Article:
Walking into the IMF’s HQ1 Building yesterday for the Spring Membership Meeting, I was struck by three dates carved in stone on the wall: 1973, 1983, 1998. Each major physical expansion of the IMF has coincided with three significant events in geo-economic history.
IMF History — A Snapshot
• 1973 (Phase I): Expansion occurred just as the Bretton Woods fixed exchange rate system was crumbling. By the end of 1973, all major reserve currencies were floating and the first oil shock had occurred.
• 1983 (Phase II): Expansion occurred against the backdrop of the Latin American Debt Crisis.
• 1998 (Phase III): Expansion, with its architectural homage to liquidity through the wall of water and fountains on Pennsylvania Avenue, occurred amid the East Asian Market Collapse (1997) and the Russian Bond Market Collapse (1998).
Where is Phase IV? Ten years after the most recent massive crisis, there is no Phase IV carved on the wall. Instead, the construction activity at the IMF focuses inward on making climate-conscious improvements in energy efficiency.
Recent History — Multiple Problems
It is not hard to understand the lack of a building boom at the IMF. Anti-globalization sentiment, perpetual controversy over the IMF’s role as a lender of last resort, and a range of controversial decisions over the decades (not to mention the populist sentiment against 50% of the IMF’s membership: central banks) would make any expansion impossible to justify.
A welcome return to economic growth globally, although tepid, cannot mask the concern about populism and political upheaval that have permeated the meetings and the risk assessments issued from the IMF so far this week. Uncertainty about the IMF’s future function hangs heavy in the air as voters in Europe and the US continue to question the value of, and need for, shared policymaking. This is no time to be considering “Phase IV” construction.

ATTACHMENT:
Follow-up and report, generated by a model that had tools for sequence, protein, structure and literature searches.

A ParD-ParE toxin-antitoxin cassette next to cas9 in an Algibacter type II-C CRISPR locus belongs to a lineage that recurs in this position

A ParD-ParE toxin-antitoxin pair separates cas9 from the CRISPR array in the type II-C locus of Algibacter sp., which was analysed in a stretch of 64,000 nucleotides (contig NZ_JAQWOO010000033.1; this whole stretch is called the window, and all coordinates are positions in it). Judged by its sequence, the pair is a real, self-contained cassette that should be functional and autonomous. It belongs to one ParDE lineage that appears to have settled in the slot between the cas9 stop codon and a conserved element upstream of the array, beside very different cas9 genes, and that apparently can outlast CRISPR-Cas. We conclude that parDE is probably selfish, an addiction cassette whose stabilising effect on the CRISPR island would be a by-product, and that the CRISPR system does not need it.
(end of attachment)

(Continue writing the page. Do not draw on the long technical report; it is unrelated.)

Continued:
The challenges faced by the IMF and its companion Bretton Woods institutions will only grow from here as the tectonic shifts underway in geopolitics (driven by intensifying political polarization) press policymakers towards national solutions.
It’s not just populists seeking localization. Increasingly, technocrats and regulators seek it as well.
• Financial regulators are moving towards ring-fencing bank capital domestically through subsidiarization requirements in order to protect domestic financial stability.
• Regulators and banks have also been increasing reliance on local currency/local funding, localizing lending in order to insulate domestic banking systems from external spillovers.
• Tax regulators seek to challenge “Base Erosion and Profit Shifting” which is a technical way of saying they seek to localize tax revenues in the jurisdiction of the corporate headquarters.
• Other regulators seek to require data localization, sometimes for data privacy/protection purposes, sometimes for market surveillance purposes, and sometimes for economic policymaking purposes.
These broad trends help explain the lack of a visible commitment to expansion at the IMF in response to the most recent global financial crisis.